Mom and Daughter

Types of Child Custody in Texas

Child custody in Texas is known as “conservatorship,” which details the legal rights and responsibilities of each parent. Parents are referred to as “conservators,” rather than custodians. 

Texas courts do not favor either the mother or father when determining conservatorship. Instead, the law considers the child’s best interests, each parent’s relationship with the child, and other factors. Unless both parents agree to a custody arrangement, a judge will determine the terms of a conservatorship. 

Conservatorship is made up of two parts: legal custody and physical custody. Legal custody allows a parent to make decisions (e.g., medical, educational, religious, etc.) on behalf of the child, while physical custody determines where the child will live. 

The following are the different types of child custody arrangements in Texas: 

  • Temporary conservatorship – Before obtaining a child custody order from the court, one or both parents file for “temporary custody” that is valid throughout the divorce proceedings or until a hearing is held. Temporary custody is based on the child’s best interests.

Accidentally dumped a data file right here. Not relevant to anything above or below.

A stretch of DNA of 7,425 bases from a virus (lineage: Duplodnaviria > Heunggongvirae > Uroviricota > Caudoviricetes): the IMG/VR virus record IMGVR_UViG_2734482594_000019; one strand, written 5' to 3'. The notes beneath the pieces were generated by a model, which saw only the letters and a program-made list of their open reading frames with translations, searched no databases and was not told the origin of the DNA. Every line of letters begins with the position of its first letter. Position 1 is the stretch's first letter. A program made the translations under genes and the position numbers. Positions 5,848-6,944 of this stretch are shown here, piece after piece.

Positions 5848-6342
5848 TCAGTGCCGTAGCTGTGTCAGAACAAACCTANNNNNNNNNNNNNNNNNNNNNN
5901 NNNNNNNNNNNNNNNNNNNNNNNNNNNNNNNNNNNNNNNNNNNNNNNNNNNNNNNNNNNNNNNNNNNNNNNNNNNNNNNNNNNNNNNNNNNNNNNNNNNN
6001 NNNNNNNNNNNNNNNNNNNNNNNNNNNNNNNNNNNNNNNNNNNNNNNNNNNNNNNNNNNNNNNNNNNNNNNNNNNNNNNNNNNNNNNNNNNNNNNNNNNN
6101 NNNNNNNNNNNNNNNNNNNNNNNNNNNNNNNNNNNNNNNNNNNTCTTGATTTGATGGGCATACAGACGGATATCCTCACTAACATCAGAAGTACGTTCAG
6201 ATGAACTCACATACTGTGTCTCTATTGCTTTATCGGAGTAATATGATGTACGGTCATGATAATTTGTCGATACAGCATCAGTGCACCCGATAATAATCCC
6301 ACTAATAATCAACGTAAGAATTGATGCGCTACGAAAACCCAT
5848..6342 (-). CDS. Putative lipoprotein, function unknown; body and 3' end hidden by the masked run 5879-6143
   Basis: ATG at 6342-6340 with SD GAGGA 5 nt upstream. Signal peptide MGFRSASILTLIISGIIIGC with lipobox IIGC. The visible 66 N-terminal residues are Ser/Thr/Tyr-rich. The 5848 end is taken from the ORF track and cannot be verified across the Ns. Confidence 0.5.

• Joint managing conservatorship – Texas courts presume parents should be joint managing conservators (JMC) who share the rights and responsibilities of providing for their children. There are three types of joint custody: joint legal custody, shared physical custody, and a combination of both. Joint legal custody refers to both parents having the right to make decisions on behalf of a child, but the child only has one primary residence while the noncustodial parent has visitation. Shared physical custody refers to the child having two residences, although one parent spends at least 35 percent of the year with the child. 

  • Sole managing conservatorship – The court grants one parent both legal and physical custody rights, while the child has only one primary residence. The other parent’s visitation rights are severely limited. This type of arrangement is common among parents who do not get along or if there is a history of domestic violence. 

  • Split custody – This situation occurs when there are two children, and each parent obtains full physical custody over one child. The court may award this arrangement based on the child’s age or preference. 

If you are interested in filing for or modifying a child custody order in Austin, call Hembree Bell Law Firm, PLLC at (512) 768-9737 or fill out our online contact form today to schedule an initial consultation. 

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